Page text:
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on 27 September 2009
its a real shame when a former musical pioneer - in this case Tom Jenkinson aka squarepusher who had since the mid-90's been releasing consistently enthralling lp's of next-level intricate and also head-fck electronica , eventually gives way to this level of retro-muso fusion. track 4 - titled : "a real woman" (of all things) actually made me laugh out loud when i first heard it. i thought Tom J was being ironic in presenting us with such a bad homage to the worst 70's fusion jazz but NO -it appears to be his genuine attmept at such things. oh dear...

as i said i still revere Tom J's earlier work but i think he could be a lost cause now. if you MUST listen to jazz-fusion ( and most of it is shockingly self-indulgent) then at least go the best practioners : Miles Davis (from 1968 onwards), Herbie Hancock's Sextant etc (1972), Return to Forever (with Stanley Clarke on bass amongst others from 1975) or even Yes ("Relayer" 1975 also). at least they were of their time.... sorry, Tom.

for the real deal on Squarepusher - where great bass playing meets ultra complex groundbreaking beats - go to "big loada" instead or the later "go plastic" .
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on 20 March 2010
This is not simply another Squarepusher album, even after the accessibility and sci-fi kitsch of Hello Everything, I was taken aback by how zany this album sounds; it's like Pusher's Sgt. Pepper's. It's also the album that's most focused on live instruments since Music is Rotted One Note and provides a great alternative to Rotted One Note for people wanting to hear Jenkinson's virtuoso playing but who haven't been able to get to grips with that album (for which I don't blame them, although it is a masterpiece after some perseverance).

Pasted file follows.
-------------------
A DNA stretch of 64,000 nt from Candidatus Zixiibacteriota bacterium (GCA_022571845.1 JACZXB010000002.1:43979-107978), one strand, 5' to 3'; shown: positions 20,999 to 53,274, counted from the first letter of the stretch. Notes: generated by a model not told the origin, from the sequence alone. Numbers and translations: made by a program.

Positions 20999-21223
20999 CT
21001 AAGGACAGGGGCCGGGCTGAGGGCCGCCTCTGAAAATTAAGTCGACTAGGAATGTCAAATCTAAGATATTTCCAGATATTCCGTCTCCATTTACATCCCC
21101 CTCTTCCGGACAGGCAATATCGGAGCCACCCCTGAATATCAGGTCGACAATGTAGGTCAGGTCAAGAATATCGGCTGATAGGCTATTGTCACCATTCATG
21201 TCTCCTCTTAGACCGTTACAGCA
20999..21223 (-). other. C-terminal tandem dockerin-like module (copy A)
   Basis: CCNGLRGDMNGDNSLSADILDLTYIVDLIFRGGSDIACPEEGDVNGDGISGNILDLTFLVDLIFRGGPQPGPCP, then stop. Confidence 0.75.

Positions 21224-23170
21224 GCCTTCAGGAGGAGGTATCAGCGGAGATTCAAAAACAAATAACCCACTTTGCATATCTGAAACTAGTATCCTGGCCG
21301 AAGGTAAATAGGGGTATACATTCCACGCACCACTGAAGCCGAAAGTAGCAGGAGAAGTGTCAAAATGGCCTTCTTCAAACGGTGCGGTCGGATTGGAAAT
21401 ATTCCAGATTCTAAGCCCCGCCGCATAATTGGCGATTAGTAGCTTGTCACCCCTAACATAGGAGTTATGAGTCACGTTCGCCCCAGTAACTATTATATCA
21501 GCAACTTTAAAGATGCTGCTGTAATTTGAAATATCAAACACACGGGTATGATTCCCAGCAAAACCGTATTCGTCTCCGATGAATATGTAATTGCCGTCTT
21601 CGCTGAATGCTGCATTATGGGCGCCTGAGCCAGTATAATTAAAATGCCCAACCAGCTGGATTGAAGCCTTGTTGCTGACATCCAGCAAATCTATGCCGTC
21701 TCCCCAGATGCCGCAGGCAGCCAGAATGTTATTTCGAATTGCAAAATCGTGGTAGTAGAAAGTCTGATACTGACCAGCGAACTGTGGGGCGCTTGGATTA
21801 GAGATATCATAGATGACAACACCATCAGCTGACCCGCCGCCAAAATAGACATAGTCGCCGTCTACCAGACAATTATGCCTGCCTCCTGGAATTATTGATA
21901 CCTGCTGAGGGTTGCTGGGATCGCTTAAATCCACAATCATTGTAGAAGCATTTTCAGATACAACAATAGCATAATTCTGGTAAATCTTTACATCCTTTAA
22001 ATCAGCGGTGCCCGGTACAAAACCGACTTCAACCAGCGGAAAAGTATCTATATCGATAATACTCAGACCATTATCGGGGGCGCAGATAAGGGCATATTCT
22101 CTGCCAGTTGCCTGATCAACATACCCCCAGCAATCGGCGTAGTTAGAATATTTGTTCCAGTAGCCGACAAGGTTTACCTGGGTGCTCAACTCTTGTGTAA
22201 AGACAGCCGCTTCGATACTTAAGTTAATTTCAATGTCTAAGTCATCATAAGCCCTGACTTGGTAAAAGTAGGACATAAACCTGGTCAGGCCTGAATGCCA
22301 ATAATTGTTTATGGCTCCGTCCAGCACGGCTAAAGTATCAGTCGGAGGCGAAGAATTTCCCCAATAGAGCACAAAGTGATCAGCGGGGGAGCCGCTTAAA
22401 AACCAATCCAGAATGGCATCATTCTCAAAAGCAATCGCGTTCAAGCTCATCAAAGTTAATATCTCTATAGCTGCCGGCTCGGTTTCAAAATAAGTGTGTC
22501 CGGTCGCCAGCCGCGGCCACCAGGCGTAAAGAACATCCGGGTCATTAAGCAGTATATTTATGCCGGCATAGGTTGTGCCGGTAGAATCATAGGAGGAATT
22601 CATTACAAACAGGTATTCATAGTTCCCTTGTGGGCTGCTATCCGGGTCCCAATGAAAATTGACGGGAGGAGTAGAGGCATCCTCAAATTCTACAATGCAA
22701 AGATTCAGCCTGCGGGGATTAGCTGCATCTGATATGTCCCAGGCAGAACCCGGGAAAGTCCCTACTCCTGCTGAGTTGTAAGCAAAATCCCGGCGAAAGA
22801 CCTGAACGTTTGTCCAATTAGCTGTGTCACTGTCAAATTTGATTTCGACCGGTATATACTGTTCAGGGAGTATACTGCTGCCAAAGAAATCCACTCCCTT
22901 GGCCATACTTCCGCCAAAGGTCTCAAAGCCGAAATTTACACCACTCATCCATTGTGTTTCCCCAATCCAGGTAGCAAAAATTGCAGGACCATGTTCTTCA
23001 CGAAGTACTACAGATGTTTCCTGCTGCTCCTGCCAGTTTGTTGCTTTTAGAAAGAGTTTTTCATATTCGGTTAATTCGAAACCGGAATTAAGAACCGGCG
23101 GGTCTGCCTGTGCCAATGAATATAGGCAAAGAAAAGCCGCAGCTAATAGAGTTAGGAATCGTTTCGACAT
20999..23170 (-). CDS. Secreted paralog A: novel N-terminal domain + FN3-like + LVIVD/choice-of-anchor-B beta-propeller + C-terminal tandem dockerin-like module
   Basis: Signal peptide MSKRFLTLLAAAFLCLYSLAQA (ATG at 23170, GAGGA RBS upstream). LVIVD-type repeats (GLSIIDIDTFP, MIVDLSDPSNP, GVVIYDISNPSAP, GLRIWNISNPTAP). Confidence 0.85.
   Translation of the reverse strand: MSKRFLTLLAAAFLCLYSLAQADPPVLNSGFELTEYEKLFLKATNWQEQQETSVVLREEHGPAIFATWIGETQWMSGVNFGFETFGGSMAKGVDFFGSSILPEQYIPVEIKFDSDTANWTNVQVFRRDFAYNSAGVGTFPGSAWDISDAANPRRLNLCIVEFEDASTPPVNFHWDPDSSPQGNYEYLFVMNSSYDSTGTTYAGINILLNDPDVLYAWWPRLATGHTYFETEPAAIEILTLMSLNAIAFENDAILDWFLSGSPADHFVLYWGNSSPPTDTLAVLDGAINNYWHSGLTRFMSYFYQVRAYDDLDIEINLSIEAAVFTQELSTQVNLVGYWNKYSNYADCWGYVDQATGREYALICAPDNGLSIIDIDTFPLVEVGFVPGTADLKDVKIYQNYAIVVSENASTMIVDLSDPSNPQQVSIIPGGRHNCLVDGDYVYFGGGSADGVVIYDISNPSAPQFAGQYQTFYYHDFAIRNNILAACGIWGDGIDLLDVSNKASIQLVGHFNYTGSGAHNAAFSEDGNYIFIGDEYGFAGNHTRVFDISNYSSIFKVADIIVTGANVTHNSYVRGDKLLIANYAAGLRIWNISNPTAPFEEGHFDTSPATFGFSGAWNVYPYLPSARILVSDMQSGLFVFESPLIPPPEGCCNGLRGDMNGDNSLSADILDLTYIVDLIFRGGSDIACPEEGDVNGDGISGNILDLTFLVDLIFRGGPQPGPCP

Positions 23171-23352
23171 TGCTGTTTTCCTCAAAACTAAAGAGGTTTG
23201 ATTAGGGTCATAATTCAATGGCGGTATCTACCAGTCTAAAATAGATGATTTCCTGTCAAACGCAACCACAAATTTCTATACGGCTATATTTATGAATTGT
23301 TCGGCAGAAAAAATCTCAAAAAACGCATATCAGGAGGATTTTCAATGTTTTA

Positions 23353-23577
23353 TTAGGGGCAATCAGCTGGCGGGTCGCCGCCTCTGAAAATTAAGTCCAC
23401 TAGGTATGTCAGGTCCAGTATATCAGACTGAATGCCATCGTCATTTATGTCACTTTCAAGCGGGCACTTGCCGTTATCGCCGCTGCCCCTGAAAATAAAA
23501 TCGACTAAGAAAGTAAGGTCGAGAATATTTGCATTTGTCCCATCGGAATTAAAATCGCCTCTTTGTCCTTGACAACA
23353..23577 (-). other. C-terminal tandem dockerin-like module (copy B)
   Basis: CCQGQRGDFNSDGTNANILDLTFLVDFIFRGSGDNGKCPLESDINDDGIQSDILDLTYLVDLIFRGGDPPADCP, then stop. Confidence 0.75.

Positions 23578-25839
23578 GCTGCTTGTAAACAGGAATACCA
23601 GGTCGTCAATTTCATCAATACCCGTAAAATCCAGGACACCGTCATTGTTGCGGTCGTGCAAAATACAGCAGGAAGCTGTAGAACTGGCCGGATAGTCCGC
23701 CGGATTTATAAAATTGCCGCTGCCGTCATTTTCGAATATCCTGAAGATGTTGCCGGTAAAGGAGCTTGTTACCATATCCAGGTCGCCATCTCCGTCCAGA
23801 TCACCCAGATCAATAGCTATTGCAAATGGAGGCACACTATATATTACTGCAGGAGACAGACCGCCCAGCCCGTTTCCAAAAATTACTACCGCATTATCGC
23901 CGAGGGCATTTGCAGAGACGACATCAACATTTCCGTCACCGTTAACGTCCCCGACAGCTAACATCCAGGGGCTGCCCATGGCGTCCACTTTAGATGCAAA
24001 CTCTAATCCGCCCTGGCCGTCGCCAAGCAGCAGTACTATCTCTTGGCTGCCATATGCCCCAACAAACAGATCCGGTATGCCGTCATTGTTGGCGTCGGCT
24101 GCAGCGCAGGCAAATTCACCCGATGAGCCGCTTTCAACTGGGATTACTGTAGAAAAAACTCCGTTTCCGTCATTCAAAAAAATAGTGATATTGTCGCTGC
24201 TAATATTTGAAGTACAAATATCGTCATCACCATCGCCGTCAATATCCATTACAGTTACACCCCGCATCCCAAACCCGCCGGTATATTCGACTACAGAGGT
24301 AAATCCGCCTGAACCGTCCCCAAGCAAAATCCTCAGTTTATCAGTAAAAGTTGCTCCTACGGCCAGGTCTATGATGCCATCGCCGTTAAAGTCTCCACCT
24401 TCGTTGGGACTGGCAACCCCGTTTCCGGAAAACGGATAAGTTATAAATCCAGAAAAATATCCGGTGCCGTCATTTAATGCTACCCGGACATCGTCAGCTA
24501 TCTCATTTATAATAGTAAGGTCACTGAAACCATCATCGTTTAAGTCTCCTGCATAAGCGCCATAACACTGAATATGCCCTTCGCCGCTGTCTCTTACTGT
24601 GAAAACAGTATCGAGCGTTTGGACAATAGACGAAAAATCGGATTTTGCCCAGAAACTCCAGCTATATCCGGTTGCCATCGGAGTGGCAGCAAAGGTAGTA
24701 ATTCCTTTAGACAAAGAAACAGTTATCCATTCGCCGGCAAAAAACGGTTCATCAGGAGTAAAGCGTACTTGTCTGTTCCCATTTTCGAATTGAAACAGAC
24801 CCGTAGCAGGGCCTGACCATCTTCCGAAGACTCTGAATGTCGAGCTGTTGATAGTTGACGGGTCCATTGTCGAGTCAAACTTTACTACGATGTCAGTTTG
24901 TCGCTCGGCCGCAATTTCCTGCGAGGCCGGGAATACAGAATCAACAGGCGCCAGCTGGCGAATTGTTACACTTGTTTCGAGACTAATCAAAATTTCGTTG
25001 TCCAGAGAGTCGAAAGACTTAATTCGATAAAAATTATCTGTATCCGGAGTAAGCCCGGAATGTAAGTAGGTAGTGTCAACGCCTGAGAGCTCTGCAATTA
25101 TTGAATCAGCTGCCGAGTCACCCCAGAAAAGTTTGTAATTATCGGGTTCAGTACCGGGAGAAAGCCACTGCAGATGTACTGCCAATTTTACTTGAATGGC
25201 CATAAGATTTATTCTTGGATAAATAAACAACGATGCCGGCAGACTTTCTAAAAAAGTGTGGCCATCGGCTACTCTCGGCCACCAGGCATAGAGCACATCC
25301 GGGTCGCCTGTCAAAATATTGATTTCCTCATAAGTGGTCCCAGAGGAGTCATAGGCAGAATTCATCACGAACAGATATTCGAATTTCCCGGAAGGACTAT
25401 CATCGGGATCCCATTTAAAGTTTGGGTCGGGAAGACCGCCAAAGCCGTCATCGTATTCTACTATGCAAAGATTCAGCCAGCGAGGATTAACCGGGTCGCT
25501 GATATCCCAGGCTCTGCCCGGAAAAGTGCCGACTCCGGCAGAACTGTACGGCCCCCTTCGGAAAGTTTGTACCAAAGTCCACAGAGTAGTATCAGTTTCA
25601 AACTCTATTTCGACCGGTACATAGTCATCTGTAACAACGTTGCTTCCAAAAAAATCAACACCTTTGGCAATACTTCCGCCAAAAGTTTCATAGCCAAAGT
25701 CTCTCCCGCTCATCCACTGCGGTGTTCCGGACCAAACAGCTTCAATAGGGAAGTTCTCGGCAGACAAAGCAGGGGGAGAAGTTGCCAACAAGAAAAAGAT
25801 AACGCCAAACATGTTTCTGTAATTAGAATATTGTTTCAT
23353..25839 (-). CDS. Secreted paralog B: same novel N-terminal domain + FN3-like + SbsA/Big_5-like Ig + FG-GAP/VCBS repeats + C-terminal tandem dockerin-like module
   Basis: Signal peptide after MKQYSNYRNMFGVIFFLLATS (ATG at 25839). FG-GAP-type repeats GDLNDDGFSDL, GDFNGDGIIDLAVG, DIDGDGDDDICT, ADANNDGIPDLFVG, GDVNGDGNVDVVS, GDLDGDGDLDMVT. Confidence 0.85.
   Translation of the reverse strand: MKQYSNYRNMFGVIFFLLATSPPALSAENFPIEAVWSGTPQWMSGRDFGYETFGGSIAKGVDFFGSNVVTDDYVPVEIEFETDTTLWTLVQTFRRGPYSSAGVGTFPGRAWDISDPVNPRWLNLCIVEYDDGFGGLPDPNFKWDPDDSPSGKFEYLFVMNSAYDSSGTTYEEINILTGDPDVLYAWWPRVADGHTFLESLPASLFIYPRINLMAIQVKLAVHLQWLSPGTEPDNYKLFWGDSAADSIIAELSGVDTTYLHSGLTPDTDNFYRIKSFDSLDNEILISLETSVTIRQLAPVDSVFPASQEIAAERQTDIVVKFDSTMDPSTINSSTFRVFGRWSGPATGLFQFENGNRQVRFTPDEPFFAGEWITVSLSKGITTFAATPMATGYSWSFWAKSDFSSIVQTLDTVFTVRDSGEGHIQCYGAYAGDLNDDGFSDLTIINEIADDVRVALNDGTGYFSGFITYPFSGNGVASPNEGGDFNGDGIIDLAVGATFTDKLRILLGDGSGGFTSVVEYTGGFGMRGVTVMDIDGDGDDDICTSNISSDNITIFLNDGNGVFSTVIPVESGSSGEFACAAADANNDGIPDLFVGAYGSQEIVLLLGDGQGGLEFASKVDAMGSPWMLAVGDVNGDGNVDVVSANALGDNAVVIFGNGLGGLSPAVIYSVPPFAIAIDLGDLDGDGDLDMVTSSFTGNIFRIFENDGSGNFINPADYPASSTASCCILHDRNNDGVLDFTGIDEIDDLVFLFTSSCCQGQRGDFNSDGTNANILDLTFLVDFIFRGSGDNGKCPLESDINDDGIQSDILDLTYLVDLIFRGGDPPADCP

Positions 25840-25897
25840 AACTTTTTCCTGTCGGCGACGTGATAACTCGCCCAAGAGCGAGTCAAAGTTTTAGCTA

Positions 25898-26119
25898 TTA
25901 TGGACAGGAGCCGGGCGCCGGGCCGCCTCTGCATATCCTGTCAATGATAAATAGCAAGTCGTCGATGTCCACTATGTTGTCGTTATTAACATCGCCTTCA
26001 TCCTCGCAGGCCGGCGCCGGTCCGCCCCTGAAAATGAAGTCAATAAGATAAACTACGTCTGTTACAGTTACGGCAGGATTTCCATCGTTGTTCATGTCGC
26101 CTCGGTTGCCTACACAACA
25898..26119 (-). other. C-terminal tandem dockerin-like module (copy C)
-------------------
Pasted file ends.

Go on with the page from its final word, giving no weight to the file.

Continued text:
For Squarepusher as a producer I'd say this could be his best, the merging of live and electronic sounds is more seamless and ingeniously put to use than ever before, for the best example listen to Potential Govaner; perhaps the most brilliantly crafted track on the album, even if it verges on flashy you'd have to be a cold person not to enjoy it.

The downside of this album though is that among the high points there are too many ambling interludes of Tod Dockstader influenced psychedelic classical guitar, which are interesting initially but really don't hold up and other unfortunate lows like the strangely grating new wave/cyber jazz song A Real Woman.

The album's biggest differentiator is the presence of rock music, okay, Do You Know had a Joy Division cover and Visitor had Steinbolt's digital metal but Pusher's never explored rock as much or in as pure a form as on this album. The results are fantastic; Delta V is great for its fuzzing, pounding rhythms and its mechanical sounding breakdown that holds host to a seriously good beat and undeniably satisfying bass fills. Then Planet Gear is a blissfully bombastic piece of space age rock with a grin inducingly uplifting refrain, I'd say it's among his best tunes.
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on 10 November 2008